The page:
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Limerick couple with newborn baby served with eviction order

‘Don’t leave us stranded’: Emotional plea as others struggle to find new homes

Limerick couple with newborn baby served with eviction order

Krisztina Berta, her fiance Angel Catala and their baby Christopher

A COUPLE served with an eviction order from the Strand apartments in Limerick just after the birth of their baby are among dozens of ‘angry and upset’ tenants who have been left struggling to find a new home.

Hungarian national Krisztina Berta, 37, her fiance Angel Catala, 38, from Spain, and their 11-week old baby Christopher, have been ordered to leave their one-bed apartment by April 19, which is due to be sold at auction after a tranche of apartments were acquired by a 'vulture fund'.

They had just left the Maternity hospital on the Ennis Road in November when they received the news that they had to leave their home of six years.

“We are just really sad. We love this apartment so much, and are so attached to the place. We have looked at other places to live in the city, but there’s huge demand and none of the letting agents have called us back,” Ms Berta told the Limerick Leader.

The couple, who both work at the Clayton Hotel on Steamboat Quay, said they had just finished decorating a corner of their apartment for their new son when they received a phone-call and a letter ordering them to leave.

“If it was just us on our own, it might be OK. But with a baby now, it’s scary trying to find somewhere new. Why can’t they sell the apartments and leave tenants in place,” she asked.

Currently, the couple who have been engaged for three years, have not been able to source alternative accommodation.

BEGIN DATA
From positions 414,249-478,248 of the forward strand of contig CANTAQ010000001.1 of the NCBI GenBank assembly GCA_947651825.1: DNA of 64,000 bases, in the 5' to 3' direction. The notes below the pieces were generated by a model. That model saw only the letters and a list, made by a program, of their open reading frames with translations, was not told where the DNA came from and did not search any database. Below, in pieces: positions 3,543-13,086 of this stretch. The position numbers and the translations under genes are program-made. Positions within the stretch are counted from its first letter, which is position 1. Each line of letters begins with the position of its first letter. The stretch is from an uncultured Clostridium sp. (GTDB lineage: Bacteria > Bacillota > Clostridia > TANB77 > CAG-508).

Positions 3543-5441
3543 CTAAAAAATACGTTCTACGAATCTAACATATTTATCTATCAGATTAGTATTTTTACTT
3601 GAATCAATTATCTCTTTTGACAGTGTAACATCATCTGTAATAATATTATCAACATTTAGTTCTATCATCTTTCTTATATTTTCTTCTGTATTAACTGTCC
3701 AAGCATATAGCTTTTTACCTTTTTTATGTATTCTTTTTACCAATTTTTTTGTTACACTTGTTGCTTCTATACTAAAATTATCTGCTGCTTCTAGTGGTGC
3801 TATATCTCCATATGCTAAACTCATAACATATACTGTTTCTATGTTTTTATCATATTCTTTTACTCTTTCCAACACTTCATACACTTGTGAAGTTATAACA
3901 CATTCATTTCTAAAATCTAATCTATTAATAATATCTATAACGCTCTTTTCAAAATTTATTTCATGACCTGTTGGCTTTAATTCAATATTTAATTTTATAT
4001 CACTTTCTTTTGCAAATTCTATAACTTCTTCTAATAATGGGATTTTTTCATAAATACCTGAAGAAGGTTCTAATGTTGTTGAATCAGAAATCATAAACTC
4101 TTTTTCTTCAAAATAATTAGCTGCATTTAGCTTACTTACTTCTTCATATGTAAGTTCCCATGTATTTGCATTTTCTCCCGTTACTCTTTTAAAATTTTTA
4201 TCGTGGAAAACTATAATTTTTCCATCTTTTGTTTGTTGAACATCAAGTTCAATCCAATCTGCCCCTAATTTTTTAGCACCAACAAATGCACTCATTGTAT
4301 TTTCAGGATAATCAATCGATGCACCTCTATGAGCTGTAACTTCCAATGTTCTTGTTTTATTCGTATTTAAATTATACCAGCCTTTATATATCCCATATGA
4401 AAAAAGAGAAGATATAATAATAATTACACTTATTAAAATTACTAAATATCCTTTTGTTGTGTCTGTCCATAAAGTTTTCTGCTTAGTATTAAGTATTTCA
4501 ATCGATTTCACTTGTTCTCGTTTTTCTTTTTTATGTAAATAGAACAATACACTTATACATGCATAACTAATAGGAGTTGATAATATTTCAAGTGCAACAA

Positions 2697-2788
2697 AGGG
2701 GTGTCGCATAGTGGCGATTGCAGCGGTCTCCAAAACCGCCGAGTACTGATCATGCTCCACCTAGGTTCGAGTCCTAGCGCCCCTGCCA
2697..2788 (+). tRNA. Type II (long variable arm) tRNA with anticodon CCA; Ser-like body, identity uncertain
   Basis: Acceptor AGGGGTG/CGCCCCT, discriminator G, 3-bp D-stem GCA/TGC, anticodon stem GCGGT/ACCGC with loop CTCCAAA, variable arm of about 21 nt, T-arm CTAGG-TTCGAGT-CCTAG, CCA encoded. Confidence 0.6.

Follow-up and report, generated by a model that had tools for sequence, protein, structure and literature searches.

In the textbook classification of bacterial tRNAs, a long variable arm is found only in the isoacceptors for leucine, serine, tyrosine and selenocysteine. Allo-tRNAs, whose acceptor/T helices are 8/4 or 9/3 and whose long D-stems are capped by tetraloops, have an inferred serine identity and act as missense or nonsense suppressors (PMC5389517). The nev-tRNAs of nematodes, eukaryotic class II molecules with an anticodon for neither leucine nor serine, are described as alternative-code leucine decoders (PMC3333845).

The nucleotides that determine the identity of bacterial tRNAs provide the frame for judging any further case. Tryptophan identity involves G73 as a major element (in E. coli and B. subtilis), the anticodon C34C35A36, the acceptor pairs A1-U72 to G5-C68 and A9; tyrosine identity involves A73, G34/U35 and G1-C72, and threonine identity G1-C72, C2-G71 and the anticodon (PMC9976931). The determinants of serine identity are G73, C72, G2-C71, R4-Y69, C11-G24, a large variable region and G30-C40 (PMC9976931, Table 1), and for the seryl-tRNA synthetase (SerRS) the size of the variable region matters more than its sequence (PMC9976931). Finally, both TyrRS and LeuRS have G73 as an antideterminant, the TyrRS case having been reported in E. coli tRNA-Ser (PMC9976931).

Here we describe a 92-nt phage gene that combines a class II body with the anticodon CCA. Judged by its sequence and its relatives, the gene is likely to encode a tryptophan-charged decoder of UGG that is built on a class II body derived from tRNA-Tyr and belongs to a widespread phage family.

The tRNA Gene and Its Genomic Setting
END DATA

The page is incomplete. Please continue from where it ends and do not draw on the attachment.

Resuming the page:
They are paying €750 a month for their one-bed apartment, though is currently advertising for a similar one-bed apartment for €1,100 a month.

Residents have now initiated an online petition, addressed to the Minister for Housing, Simon Coveney, calling for the evictions to be stopped, and rallying against the actions of 'vulture funds', which are acquiring distressed assets to sell them for a profit.

The petition now counts over 1,100 signatures.

"We also call on Minister Coveney to amend the Residential Tenancies Act to abolish sale of a property as a ground for terminating a tenancy," it states.

Some 25 apartments in the ‘luxury’ Strand complex on O’Callaghan Strand have been sold in the past 12 months, after loans acquired by National Asset Management Agency (Nama) from the company in charge of its development were bought by another company.

The company formerly in charge of the apartments, Sova Properties Ltd, had bank loans of €117m and in August 2010 its loans were transferred to Nama.

The directors of its parent company - Galway developer John Lally's Lalco Holdings Ltd - entered into an agreement with the National Asset Loan Management Agency (Nalm), in April 2012.

In July 2016, Nalm, a subsidiary of Nama, sold its loan and security interests to OCM EmRu DebtCo DAC, which was incorporated in June 2016, and is a subsidiary of Oaktree Capital Management.

The evictions have been taking place on a phased basis over the past year, and the majority of the remaining tenants are due to leave by this April, as further auctions of apartments are due, with units sold to the highest bidder.